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The person who decided to put four steel posts into the ground on a field where athletes play full body contact sport with little protection apart from a mouthguard must have had a sadistic streak. Despite all the intrinsic dangers of a high impact sport it was deemed sensible and necessary to make the degree of difficulty even higher.
Workplace health and safety issues have slowly crept into the arena of professional sports. Rugby League has seen a few changes to procedures such as the introduction of the blood bin rule, the head bin and the drinks break on particularly hot days. However, the general culture of toughness results in an atmosphere of ignorance and ?She?ll be right mate?. Most games have examples of poor regard for safety issues such as players that have been knocked unconscious being allowed to continue playing and trainers moping up blood with an ungloved hand.
In order to give this essay some validation I will review some actual incidents involving goal posts. In 1987, Mal Meninga broke his arm with a sickening collision with a goal post in a match against Manly at Seiffert Oval. The injury threatened to cut short his magnificent career. Another Raiders player James Evans suffered an horrific knee injury in 2002 after colliding with a goal post whilst crossing the try-line. The impact resulted in three ruptured knee ligaments and a dislocated knee-cap. What followed was fourteen months of intensive rehabilitation. Evans has recently walked away from the game citing the incident and the resulting trauma as a contributing factor in his decision to quit the game. In the 2004 ANZAC Test against New Zealand in Newcastle Australian captain Darren Lockyer had a stomach-churning collision with a goal post late in the game and was lucky not to be seriously injured.
In the United Kingdom a Halton Hornets players broke his right leg in three places after colliding with a goal post. The player successfully sued the club for damages. He suffered the injury as he dived for a try and was tackled and went crashing into the posts. It must be said that in this case the posts were not padded. But similar injuries can still occur despite the presence of padding.
Under the Tort of Negligence, a breach has occurred if it is reasonably foreseeable that harm could occur but nothing was done to prevent it. Clubs and referees have a duty of care to provide safe playing conditions for players. A judge may well rule that fixing upright steel posts in the area of a body contact sport is in fact an act of negligence. Padding will help reduce the likelihood of injury but the evidence of the two Canberra players shows the risk of serious injury is still present. Maybe that is why Canberra have ridiculously thick padding masquerading as milk cartons at home games these days.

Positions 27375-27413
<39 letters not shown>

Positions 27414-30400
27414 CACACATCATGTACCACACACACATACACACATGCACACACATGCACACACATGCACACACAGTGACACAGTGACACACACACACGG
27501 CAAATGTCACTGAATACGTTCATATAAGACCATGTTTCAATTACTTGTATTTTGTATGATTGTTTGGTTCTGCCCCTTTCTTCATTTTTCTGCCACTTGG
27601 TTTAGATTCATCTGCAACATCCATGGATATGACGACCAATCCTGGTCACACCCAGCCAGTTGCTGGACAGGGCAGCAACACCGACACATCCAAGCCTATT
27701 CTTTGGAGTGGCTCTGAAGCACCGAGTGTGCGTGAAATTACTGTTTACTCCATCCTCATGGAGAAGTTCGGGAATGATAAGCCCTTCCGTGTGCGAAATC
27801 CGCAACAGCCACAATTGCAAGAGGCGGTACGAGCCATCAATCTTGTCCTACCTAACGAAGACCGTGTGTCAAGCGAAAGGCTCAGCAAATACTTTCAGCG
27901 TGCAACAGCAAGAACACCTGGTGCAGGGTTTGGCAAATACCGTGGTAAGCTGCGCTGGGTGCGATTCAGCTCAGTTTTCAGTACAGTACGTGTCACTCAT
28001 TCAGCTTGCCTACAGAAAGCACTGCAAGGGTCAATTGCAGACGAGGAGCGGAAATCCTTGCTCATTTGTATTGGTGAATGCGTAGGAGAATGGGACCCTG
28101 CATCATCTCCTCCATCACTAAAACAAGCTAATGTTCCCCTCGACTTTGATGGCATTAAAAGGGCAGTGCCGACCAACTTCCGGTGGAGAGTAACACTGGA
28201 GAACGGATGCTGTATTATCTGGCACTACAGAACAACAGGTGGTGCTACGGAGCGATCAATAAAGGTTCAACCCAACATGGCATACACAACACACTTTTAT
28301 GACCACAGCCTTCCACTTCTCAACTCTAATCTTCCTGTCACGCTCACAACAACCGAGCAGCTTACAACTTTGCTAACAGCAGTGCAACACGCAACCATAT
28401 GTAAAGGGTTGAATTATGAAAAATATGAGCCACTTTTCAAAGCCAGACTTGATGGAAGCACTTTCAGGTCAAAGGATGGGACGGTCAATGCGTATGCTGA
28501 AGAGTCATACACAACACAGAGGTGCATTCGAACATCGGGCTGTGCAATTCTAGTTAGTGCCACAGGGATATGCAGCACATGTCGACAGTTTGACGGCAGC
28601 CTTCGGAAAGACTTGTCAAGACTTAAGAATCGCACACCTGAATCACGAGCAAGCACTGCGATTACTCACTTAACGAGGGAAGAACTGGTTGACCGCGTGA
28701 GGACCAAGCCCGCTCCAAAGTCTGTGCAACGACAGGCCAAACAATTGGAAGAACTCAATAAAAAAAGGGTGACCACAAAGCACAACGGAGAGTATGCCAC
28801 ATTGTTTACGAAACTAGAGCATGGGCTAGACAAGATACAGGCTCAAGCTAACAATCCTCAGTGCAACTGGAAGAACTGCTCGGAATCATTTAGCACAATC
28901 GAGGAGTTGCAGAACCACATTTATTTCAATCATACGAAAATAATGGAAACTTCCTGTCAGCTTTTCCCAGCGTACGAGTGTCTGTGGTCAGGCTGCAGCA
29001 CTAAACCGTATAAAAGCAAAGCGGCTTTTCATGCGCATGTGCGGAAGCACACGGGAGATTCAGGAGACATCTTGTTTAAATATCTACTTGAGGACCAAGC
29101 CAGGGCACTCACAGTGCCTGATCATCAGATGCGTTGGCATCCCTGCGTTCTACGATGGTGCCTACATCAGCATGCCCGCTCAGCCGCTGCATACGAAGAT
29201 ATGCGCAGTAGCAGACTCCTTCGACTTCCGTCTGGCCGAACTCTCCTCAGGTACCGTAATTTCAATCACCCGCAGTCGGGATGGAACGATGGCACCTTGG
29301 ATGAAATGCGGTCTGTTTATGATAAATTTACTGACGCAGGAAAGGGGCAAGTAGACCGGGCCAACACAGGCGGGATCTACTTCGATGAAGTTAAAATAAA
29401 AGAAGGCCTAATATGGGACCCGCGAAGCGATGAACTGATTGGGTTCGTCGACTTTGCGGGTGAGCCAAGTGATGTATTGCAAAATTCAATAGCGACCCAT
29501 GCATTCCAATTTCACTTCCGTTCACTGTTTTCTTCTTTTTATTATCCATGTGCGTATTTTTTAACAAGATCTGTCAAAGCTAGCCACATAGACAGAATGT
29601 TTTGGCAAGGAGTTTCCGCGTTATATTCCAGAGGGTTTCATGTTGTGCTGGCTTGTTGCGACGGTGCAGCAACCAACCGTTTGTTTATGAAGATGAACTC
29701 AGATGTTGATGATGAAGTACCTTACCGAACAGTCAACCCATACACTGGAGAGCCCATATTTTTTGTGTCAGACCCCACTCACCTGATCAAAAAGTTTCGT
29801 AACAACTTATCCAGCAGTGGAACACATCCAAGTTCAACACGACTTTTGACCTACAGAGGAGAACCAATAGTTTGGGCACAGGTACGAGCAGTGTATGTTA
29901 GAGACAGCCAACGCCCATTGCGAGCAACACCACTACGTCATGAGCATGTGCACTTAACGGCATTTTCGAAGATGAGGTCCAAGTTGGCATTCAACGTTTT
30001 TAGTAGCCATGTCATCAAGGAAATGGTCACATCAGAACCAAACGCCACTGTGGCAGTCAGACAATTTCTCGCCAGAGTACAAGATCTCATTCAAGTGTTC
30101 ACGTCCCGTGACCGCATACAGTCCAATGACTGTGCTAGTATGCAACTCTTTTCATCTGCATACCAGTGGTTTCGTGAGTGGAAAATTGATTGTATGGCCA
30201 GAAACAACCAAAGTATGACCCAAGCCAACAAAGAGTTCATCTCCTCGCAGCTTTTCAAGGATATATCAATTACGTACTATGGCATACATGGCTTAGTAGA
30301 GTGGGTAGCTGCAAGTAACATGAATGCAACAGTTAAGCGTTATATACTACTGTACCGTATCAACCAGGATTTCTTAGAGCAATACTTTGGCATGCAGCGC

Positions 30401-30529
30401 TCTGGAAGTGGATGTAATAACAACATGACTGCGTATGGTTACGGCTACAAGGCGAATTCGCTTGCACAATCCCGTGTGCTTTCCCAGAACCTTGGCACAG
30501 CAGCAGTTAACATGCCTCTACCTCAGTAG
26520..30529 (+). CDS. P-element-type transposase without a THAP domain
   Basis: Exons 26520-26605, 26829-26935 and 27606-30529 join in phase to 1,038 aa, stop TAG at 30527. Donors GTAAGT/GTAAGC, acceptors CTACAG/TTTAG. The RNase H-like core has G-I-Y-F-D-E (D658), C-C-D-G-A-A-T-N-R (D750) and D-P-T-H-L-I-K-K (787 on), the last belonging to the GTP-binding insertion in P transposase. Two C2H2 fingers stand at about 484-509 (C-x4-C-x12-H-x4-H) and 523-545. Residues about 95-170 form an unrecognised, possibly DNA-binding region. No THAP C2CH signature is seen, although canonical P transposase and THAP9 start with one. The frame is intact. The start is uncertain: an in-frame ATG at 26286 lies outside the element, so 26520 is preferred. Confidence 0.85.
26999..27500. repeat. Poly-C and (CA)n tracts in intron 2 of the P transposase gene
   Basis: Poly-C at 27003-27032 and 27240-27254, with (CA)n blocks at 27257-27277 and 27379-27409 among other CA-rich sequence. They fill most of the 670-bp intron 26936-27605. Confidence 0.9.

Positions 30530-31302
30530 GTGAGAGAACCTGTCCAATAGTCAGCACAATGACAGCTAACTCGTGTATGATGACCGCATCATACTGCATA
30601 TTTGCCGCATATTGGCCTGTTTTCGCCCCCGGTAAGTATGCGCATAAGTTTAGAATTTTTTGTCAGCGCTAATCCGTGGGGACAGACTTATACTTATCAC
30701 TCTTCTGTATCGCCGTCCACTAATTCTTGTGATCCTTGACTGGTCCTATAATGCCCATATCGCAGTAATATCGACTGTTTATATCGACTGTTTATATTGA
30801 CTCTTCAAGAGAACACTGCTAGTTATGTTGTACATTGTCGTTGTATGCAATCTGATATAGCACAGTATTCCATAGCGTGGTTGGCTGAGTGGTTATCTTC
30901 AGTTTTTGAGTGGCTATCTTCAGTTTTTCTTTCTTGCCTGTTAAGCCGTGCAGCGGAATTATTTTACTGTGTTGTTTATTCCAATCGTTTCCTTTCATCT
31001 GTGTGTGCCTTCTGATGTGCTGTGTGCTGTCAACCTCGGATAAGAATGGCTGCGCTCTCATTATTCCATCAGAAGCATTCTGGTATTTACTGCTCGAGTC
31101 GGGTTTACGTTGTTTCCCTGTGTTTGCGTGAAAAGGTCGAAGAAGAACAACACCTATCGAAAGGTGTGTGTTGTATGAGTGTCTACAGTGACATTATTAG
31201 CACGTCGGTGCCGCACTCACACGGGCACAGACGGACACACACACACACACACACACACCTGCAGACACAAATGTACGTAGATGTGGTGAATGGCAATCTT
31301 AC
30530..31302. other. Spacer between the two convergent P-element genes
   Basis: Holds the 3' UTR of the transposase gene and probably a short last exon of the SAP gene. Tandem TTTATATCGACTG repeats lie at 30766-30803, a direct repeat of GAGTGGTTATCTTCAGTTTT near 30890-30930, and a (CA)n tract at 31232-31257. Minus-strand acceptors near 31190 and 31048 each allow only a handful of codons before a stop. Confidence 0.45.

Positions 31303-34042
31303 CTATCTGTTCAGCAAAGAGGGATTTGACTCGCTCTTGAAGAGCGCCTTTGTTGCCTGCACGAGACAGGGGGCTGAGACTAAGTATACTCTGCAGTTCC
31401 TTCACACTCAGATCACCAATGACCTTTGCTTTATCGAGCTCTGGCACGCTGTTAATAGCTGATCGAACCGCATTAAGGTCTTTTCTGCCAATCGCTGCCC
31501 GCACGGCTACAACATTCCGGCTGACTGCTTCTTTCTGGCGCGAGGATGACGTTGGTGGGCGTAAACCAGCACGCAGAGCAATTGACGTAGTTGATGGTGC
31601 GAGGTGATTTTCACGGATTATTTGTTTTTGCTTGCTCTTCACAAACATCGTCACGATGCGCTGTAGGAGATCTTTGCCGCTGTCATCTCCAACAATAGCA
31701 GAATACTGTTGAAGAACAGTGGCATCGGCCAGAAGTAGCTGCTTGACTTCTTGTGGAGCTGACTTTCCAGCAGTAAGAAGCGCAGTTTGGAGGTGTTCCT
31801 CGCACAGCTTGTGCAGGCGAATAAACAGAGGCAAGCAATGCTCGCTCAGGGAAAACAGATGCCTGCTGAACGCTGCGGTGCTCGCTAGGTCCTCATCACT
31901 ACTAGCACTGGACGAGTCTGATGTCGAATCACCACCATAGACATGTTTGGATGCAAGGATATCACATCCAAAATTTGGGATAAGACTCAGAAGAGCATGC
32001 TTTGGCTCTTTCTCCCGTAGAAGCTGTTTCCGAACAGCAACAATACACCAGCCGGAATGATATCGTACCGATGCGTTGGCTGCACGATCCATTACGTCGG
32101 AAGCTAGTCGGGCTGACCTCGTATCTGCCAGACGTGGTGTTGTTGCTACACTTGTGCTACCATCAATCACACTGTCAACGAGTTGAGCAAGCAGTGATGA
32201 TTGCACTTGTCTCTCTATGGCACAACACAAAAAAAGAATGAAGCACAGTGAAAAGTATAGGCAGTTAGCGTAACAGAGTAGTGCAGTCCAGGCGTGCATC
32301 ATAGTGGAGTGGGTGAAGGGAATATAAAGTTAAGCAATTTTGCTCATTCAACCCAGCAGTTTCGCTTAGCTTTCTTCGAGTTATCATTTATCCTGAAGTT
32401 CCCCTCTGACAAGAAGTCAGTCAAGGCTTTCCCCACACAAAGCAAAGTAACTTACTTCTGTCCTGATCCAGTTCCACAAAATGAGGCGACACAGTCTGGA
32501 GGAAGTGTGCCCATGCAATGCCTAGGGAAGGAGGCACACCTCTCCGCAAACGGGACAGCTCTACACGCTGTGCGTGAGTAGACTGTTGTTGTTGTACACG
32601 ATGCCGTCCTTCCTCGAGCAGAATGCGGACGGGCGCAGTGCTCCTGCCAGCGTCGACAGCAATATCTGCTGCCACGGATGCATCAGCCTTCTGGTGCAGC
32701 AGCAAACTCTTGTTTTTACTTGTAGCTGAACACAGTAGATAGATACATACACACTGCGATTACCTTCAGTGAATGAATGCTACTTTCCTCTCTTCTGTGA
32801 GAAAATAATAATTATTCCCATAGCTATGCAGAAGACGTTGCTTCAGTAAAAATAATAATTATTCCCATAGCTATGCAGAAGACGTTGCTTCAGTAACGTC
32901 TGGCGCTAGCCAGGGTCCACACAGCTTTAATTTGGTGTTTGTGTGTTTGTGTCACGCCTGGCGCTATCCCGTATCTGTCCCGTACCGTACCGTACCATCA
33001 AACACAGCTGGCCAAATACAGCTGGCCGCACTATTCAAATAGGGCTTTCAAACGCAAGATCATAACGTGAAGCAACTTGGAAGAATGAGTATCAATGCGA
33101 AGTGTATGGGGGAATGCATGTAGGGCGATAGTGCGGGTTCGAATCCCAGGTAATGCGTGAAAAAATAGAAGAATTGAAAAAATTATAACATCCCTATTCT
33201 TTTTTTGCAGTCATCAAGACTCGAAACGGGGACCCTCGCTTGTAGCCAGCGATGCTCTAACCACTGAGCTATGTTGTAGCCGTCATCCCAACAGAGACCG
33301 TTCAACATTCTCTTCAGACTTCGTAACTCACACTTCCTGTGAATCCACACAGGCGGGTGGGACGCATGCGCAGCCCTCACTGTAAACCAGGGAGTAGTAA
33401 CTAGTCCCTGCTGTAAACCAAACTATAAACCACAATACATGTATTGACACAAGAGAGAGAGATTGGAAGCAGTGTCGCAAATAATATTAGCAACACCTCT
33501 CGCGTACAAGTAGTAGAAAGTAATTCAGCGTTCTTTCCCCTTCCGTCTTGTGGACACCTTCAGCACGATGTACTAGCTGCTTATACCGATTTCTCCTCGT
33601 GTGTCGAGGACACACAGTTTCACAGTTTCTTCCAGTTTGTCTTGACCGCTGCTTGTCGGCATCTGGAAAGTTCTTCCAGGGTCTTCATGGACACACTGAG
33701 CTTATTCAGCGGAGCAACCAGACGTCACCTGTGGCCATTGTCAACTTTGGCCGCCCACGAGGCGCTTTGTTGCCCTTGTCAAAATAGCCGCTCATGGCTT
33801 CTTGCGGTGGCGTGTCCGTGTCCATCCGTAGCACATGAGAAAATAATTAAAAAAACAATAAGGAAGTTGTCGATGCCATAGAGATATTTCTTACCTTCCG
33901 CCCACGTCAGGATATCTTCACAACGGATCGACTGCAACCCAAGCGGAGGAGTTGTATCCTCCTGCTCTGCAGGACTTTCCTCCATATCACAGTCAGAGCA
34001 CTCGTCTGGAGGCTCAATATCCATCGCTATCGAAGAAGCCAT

Australia does not really need any more Americanisms we have enough already in Rugby League with rucks becoming hit-ups, defence becoming deeeeefence or just ?D? as one coach calls it, not to mention red zones. So it is with hesitation that another American idea be introduced to Rugby League but they were onto something when they designed the goal posts with just one upright that was positioned on the dead ball line. Having two posts instead of four immediately halves the risk of injury. Moving the posts out of the most critical area of the field being the try line would also help.
An ?out-there? innovation could be the installation of laser lights on the cross bar that would project a laser curtain into the sky. This would be more affective during night games but would do away with the need for touch judges. If the laser projected a green curtain then the crowd and referee could easily see if the ball went between the posts as would reflect the green light.
Why stop there? Why not employ the use of lasers to project a hologram image of goal posts thus removing the risk of injury altogether. There would be no need for cumbersome pads, no spectator view blockage, and no crossbar to interrupt with general play. Regrettably moments etched in Rugby League history like the famous State of Origin try by Greg Dowling in the mud after Wally Lewis hit the cross bar with a chip kick will be just memories.
On second thoughts maybe we might just leave things as they are.
References: http://www.prp-online.co.uk/newsclip3.htm http://www.activeaustraliaday.com/biography.asp?iPersonID=29 http://www.raiders.com.au/newsroom/may/10_ar04/
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